If you’re not sure if you have an old workplace pension, simply enter the name of your former employer and the years you worked there into our in-app Pension Provider Search Tool to find the details.

When deciding whether to transfer your pension, it’s important to compare the charges, investment options & benefits between Moneybox and your old provider. Moneybox cannot accept a transfer from a pension your employer is currently paying into.
If you’re not sure whether the Moneybox Pension is right for you, you may want to contact a suitably qualified financial adviser for help.

 

3. Find a way of saving that works for you

We can all agree that saving and investing for the future is important, but we understand that sometimes it doesn’t feel so simple. As a self-employed worker, extra obstacles, such as moving paydays or inconsistent income, can make it more difficult to contribute to your pension consistently.

Everybody has a unique set of circumstances and not everyone likes to save in the same way. Finding what works best for you and your current situation through a little trial and error is a good place to start.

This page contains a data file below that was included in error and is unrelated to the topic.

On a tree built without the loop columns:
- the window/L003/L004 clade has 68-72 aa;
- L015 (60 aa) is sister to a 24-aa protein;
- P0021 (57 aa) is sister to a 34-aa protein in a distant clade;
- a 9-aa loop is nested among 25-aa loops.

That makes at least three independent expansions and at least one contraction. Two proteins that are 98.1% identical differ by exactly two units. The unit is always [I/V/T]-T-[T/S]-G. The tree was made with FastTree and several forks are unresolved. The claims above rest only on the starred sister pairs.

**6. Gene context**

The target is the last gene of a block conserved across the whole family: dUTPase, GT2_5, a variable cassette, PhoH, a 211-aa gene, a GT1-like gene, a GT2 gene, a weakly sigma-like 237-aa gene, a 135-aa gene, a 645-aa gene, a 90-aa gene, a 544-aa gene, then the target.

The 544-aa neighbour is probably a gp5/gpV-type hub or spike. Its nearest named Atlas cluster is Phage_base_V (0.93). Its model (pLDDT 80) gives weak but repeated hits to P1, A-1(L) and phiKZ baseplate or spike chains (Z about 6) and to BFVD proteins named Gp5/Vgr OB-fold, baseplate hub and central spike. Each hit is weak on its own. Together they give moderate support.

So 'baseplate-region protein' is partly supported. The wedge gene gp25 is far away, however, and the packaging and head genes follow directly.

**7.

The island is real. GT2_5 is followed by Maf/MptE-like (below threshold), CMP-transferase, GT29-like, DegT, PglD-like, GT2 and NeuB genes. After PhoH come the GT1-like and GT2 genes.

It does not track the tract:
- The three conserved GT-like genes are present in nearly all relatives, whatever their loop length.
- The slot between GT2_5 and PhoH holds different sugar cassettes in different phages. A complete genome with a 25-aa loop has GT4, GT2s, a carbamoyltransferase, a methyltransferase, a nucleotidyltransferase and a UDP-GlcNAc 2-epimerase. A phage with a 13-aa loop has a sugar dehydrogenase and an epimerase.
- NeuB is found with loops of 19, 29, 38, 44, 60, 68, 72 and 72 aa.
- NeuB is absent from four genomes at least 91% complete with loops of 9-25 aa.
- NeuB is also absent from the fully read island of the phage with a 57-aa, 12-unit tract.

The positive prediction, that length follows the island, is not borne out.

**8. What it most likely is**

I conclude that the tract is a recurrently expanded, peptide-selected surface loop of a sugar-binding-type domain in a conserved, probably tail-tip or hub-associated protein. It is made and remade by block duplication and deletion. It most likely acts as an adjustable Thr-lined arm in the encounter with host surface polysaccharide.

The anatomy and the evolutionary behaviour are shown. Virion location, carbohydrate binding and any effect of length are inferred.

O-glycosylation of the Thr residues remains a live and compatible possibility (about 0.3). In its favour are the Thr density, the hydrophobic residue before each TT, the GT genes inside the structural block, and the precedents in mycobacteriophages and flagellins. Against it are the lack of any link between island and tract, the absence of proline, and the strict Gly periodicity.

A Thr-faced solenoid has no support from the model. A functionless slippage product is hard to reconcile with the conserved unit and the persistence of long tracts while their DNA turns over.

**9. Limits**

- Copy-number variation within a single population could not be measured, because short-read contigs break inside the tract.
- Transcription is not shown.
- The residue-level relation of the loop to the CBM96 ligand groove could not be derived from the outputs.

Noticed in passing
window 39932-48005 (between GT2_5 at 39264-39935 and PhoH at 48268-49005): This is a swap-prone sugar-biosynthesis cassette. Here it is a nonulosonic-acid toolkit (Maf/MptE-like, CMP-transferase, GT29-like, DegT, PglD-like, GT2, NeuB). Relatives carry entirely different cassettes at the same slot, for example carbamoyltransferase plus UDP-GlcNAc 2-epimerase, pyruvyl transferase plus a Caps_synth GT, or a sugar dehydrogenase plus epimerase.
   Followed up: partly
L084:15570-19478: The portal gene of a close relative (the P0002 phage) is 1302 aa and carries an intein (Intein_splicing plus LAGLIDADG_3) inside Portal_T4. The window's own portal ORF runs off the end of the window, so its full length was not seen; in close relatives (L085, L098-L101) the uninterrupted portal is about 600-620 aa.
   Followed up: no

Luckily, there are lots of ways to contribute to a Moneybox Pension. You could choose to ‘set and forget’ a weekly deposit, which collects a set amount of money each week, or a payday boost, which collects a set amount each month – just sit back and watch the coins stack up. 💰

If you need a little more ✨ flexibility ✨ you may prefer to make one-off deposits as and when you have spare funds to add. Maybe you’re not in a position to contribute any set amount regularly but want to get started on growing your pension pots, in which case you could use our OG round-ups tool, which allows you to round up your everyday purchases to the nearest pound and invest the change into your pension.

 

4. Review your contributions regularly

It’s good practice that everyone reviews and adjusts their pension savings at least annually, but it’s especially important for those in self-employment, whose earnings may not be consistent.

While it may be tempting to spend any surplus cash during periods where you’re earning more, it’s wise to consider increasing your pension contributions instead. Not only will this help compensate for periods where you earn less and need to lower your contributions, but it could also be a prime opportunity to benefit from higher tax relief.